We have a classic conflict of objectives: on the one hand, to promote digitalization, to create good framework conditions for companies and innovation, and on the other hand to guarantee the secure handling of data. What is the solution to this dilemma? Or is this not a dilemma at all and the answer is a European seal of quality?

Innovation and the need to handle data securely are not at odds but rather go hand-in-hand. For example, the General Data Protection Regulation is of fundamental importance for the development and growth of the European Digital Single Market to the benefit of European citizens and businesses. Secure handling of data contributes to an increased trust in products and services of those companies that embrace data protection, improving their competitiveness. This new rulebook is in fact the friend of innovation; it is future-proof to face challenges of evolving technologies. Companies will embed data protection in their products and services, in line with the ‘data protection by design’ principle. And knowing that the same rules apply across the whole of the EU is a real help for companies wanting to operate across borders.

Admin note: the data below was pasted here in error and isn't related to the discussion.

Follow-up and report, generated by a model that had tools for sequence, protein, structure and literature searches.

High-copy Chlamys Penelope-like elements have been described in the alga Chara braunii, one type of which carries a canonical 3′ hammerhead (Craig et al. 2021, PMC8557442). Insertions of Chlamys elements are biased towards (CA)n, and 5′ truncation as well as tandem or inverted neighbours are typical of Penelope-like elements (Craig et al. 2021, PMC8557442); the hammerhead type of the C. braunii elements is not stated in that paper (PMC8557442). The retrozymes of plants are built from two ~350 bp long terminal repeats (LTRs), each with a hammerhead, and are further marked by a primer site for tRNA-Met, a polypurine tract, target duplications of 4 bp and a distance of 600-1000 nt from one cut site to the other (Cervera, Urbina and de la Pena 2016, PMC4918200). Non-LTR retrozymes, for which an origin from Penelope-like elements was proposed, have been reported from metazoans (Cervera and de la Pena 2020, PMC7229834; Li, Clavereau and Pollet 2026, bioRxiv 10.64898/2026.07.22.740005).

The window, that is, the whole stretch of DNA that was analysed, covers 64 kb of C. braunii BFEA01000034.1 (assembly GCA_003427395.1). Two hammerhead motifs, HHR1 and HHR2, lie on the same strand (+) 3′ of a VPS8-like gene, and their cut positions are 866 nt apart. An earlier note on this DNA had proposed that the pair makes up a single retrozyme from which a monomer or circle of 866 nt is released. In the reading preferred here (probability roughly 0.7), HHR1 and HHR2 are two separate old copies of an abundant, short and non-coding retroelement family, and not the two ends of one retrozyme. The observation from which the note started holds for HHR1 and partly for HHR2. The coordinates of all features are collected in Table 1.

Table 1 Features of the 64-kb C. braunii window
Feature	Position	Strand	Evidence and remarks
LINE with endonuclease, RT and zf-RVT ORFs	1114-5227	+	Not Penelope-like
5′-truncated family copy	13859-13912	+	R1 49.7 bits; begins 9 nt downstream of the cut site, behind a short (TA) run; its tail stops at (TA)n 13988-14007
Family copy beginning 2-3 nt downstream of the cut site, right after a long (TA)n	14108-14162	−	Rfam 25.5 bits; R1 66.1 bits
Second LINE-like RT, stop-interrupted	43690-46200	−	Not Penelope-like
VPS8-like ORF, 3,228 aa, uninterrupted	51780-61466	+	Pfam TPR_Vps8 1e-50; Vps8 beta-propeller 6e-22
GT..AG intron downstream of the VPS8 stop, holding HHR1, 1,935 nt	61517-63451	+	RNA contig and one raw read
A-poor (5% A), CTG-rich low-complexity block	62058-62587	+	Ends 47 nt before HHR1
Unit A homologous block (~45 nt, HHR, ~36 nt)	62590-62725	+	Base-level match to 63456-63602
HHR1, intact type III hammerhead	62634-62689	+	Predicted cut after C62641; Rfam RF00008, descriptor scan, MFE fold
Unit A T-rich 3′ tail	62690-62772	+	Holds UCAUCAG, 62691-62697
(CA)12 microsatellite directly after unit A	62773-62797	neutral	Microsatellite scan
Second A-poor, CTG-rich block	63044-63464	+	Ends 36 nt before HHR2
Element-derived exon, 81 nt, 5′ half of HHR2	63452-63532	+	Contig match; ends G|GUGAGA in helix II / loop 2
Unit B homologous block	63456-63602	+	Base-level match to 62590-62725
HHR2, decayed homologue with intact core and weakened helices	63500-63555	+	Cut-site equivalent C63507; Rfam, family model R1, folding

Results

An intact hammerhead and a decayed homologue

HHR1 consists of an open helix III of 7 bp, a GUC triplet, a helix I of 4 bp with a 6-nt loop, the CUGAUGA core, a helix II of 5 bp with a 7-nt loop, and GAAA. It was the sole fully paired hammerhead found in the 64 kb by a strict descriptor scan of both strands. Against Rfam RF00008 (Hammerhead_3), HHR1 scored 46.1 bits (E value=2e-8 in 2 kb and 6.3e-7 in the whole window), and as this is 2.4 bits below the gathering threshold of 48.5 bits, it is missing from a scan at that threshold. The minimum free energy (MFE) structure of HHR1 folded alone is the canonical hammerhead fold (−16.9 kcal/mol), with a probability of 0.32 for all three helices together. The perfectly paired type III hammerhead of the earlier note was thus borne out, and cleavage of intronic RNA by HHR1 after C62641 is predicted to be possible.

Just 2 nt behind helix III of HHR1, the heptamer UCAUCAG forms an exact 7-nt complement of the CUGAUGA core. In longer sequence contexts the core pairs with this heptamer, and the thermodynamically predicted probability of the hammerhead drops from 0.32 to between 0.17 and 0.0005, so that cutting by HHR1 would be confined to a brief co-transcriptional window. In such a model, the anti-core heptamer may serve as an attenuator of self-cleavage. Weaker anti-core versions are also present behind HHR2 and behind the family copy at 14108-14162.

What are good examples of a successful European digital offensive?

As far as specific European digital projects are concerned, I’ve mentioned a couple already in my earlier answers – and you can find many more success stories from every corner of the European digital sphere on the Digital Single Market website.

In broader digital policy terms, the obvious success in terms of immediate impact on European citizens has been the ending of international roaming charges for Europeans travelling abroad, as well as the ending of geoblocking of digital content or making it easier for people to buy goods online in different member states.